Mayor Lee today with Supervisor John Avalos (left) and SFPD Chief Greg Suhr. Photo: Aaron Bialick

The 170 locations in the WalkFirst Capital Improvement Program [PDF] were determined using injury data and public input. These improvements will be funded by $17 million set aside over the next five years, according to the SFMTA. If voters pass the three transportation funding ballot measures proposed by the mayor’s Transportation 2030 Task Force in November, the city will have an additional $50 million and could pay for safety fixes at 265 intersections.

“We’ve been saying ‘sorry’ for” pedestrian crashes, “when we ought to be saying, thank you for yielding. Thank you for not running red lights. Thank you for not speeding,” Lee said in announcing the WalkFirst plan and pedestrian safety awareness campaign.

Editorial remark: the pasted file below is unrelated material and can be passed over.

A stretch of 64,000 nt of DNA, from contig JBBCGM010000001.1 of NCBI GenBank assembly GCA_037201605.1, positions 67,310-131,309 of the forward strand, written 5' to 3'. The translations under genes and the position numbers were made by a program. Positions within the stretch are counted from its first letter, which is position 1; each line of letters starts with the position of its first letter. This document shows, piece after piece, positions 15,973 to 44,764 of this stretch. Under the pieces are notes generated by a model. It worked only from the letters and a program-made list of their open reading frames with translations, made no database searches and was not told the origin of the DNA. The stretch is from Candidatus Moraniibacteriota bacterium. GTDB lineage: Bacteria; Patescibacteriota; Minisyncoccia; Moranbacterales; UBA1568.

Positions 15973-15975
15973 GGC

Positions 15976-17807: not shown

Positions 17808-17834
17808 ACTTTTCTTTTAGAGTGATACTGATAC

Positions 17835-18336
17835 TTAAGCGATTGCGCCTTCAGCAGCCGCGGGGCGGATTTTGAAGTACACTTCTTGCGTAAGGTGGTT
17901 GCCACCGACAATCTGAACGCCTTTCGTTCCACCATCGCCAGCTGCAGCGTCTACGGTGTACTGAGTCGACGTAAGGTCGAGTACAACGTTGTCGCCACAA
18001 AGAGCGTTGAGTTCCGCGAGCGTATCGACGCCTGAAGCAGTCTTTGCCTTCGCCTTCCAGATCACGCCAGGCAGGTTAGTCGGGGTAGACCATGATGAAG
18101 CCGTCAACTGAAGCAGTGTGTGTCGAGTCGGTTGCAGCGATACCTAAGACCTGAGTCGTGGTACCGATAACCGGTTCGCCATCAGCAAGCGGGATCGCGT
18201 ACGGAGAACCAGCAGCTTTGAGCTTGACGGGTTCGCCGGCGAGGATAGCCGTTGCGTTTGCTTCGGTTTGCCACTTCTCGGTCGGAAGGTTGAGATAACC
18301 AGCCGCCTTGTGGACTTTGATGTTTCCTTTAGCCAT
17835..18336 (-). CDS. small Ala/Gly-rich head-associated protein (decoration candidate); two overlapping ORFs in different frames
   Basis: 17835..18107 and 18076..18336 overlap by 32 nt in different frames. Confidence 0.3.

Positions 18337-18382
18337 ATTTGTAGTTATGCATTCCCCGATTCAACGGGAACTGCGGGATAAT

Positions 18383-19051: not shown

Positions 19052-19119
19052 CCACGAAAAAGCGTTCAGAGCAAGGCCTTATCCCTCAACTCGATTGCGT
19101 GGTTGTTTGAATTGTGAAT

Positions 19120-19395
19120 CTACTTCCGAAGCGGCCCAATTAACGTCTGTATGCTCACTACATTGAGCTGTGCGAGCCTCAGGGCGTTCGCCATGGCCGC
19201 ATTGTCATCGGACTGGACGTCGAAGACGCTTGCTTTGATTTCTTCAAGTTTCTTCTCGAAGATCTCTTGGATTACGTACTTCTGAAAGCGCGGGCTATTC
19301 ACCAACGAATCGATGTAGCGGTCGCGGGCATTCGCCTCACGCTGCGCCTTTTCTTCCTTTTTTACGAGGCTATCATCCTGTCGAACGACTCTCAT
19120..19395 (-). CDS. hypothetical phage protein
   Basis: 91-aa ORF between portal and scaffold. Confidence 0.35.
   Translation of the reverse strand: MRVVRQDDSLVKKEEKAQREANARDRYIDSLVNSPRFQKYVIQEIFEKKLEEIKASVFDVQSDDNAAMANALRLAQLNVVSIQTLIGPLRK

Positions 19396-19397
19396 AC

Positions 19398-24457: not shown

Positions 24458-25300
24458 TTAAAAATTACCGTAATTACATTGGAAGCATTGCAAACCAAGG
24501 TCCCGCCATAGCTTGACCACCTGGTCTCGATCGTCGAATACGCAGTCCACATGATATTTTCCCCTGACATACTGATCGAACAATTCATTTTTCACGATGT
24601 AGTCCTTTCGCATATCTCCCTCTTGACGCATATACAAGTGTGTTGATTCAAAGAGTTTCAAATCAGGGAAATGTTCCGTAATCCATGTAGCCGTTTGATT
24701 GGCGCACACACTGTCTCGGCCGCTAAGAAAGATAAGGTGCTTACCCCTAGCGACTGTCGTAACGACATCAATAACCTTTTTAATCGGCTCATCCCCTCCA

The awareness spots, which can already be seen on Muni buses, come in several different versions, with text saying, “Drive like: your [friend/mom/family] is in the crosswalk.” Some versions show drivers yielding before the crosswalk, and at least one, posted by a Twitter user, depicts a truck driver violating the crosswalk and slamming into a pedestrian.

“I’m asking my officers to not be so nice when they see persons not yielding, when red lights are run, and when speeding occurs,” said Lee, pointing to a recent 12 percent increase in the SFPD’s Traffic Company staff. “Enforcement is about that discipline that we have to have for people’s behavior.”

These “Be Nice, Look Twice” ads have already been spotted on Muni buses.